The English Budget
London, Feb. 11, 1860
The last was a great night, in the Parliamentary sense of the word. Mr. Gladstone, in an immense speech[a], simultaneously divulged the mysteries of his budget and of the commercial treaty, linking both carefully together, and propping the frailty of the one by the boldness of the other. As to the treaty, now laid with all its details before the world, you will find the sketch I gave you many weeks ago[b] to have been quite correct, and, in fact, I have nothing to add to the general criticism I ventured upon at the time. Consequently, I propose considering Mr. Gladstone's budget as a simple operation of English finance, a treatment of the subject the more called for since the impending Parliamentary debates are sure to enlighten us, by the by, on the diplomatic undercurrent of Mr. Gladstone's facts and figures.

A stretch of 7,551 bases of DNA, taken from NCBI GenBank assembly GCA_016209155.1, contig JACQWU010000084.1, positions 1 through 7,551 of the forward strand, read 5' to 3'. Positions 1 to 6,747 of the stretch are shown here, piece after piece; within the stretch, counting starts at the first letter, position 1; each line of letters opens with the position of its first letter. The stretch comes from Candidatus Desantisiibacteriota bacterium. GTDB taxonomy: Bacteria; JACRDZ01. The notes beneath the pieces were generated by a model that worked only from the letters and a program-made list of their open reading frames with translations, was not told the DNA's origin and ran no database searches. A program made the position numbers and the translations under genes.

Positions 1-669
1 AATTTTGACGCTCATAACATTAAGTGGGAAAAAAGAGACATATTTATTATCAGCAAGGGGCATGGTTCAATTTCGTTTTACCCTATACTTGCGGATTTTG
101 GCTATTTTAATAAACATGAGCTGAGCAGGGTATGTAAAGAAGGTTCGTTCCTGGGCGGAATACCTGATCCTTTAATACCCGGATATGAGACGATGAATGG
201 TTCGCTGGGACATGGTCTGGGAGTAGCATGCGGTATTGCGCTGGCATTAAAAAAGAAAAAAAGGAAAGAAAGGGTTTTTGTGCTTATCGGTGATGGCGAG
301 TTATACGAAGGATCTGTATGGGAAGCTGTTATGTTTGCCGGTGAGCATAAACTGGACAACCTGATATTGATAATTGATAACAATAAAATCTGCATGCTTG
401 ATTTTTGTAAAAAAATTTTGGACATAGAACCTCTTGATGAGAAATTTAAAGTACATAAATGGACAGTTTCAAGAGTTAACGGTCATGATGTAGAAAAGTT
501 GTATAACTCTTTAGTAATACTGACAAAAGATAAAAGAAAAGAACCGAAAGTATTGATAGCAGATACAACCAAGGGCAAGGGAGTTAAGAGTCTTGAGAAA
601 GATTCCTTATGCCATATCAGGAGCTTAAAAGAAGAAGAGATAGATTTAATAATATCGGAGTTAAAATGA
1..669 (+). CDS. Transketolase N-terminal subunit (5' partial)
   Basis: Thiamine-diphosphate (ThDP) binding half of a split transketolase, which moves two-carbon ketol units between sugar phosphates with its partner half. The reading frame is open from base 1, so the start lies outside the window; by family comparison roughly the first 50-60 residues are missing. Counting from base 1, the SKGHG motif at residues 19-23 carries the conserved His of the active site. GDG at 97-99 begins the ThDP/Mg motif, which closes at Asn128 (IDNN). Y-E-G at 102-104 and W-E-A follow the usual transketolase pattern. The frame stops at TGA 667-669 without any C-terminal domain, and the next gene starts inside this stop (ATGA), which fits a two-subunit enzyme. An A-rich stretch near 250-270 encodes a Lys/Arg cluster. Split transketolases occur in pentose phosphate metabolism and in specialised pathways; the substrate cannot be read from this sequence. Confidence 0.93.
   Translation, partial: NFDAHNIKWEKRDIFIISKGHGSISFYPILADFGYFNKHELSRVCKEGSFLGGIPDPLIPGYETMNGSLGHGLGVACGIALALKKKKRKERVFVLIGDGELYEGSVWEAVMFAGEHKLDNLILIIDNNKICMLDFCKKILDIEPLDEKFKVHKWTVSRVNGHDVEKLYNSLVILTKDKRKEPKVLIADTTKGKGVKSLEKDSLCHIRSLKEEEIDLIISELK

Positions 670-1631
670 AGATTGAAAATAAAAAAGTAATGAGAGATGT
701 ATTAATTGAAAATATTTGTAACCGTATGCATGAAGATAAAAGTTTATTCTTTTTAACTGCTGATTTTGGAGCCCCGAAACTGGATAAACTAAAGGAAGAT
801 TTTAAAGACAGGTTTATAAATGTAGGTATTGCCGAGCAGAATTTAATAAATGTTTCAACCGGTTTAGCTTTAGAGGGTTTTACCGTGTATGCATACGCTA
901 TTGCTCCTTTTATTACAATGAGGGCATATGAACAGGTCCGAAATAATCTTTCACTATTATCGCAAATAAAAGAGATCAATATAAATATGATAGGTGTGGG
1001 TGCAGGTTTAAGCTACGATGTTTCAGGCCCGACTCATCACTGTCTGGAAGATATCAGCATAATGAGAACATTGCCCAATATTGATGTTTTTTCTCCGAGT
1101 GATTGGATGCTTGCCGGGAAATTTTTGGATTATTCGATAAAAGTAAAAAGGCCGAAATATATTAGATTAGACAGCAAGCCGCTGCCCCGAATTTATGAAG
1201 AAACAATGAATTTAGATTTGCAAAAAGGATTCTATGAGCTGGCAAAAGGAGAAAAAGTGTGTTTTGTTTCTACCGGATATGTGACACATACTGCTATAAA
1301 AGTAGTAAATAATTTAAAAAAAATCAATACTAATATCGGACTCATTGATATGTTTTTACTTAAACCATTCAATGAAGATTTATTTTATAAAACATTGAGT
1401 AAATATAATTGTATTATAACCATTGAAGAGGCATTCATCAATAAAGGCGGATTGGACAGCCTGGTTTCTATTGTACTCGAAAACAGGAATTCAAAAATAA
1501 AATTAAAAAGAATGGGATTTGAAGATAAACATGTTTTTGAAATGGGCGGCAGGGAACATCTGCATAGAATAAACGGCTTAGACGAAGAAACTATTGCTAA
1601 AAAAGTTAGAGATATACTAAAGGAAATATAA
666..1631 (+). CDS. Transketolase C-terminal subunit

Now, whatever inconsistencies may be traced in the details of the budget; whatever political objections may be raised against the prudence of answering a deficit of more than 14 per cent on the total revenue, and a vast increase of expenditure, by one full sweep of many existing duties, part of which did hardly weigh upon the mass of the people; nevertheless, common fairness obliges me to say that Mr. Gladstone's budget is a great and bold stroke of financial ingenuity, and that the British Free-Trade doctrines once accepted—apart from some glaring incongruities necessitated by the treaty with France, as well as by the tenderness every British Chancellor of the Exchequer will always bring to bear upon the rent-rolls of the 50,000 paramount landlords—it is a fair budget. The position of Mr. Gladstone was fraught with difficulties created by himself. He was the man, who in 1853, in his so-called standard budget prospectively extending over a space of seven years, had pledged himself to definitely do away with the income tax in 1860-61[c]. He again, in a supplementary budget[d], called into life by the Russian war, had promised to abolish, at no distant date, the war duty on tea and sugar. The same man, now that his promissory bills have fallen due, comes forward with a scheme in which the latter duty is maintained, while the income tax is enhanced from 9d. to 10d. in the pound; that is to say, by 11 1-9 per cent. But, you will remember that, in my strictures on his budget of 1853, I tried to prove that, if the financial legislature of free-trade meant anything, it meant indirect taxation being displaced by direct taxation. I dwelt at the time on the incompatibility of Mr. Gladstone's pledge of going on with the removal of custom and excise duties, with his simultaneous pledge of altogether expunging the income tax from the tax-gatherer's list. The income tax, only that it is partially, unjustly, and even stupidly laid on, is the best item in English financial law. That Mr. Gladstone, instead of seriously taxing landed property, maintains a war duty upon such first necessities as tea and sugar, is a cowardice due much more to the aristocratic structure of Parliament than to any narrowness of mind on his part. If he had dared lay his hands on the rent-rolls, the Cabinet, whose prospects of life are precarious enough, would have gone to the wall in no time. It is an old proverb that the belly has no ears, but it is no less true that rent-rolls have no conscience.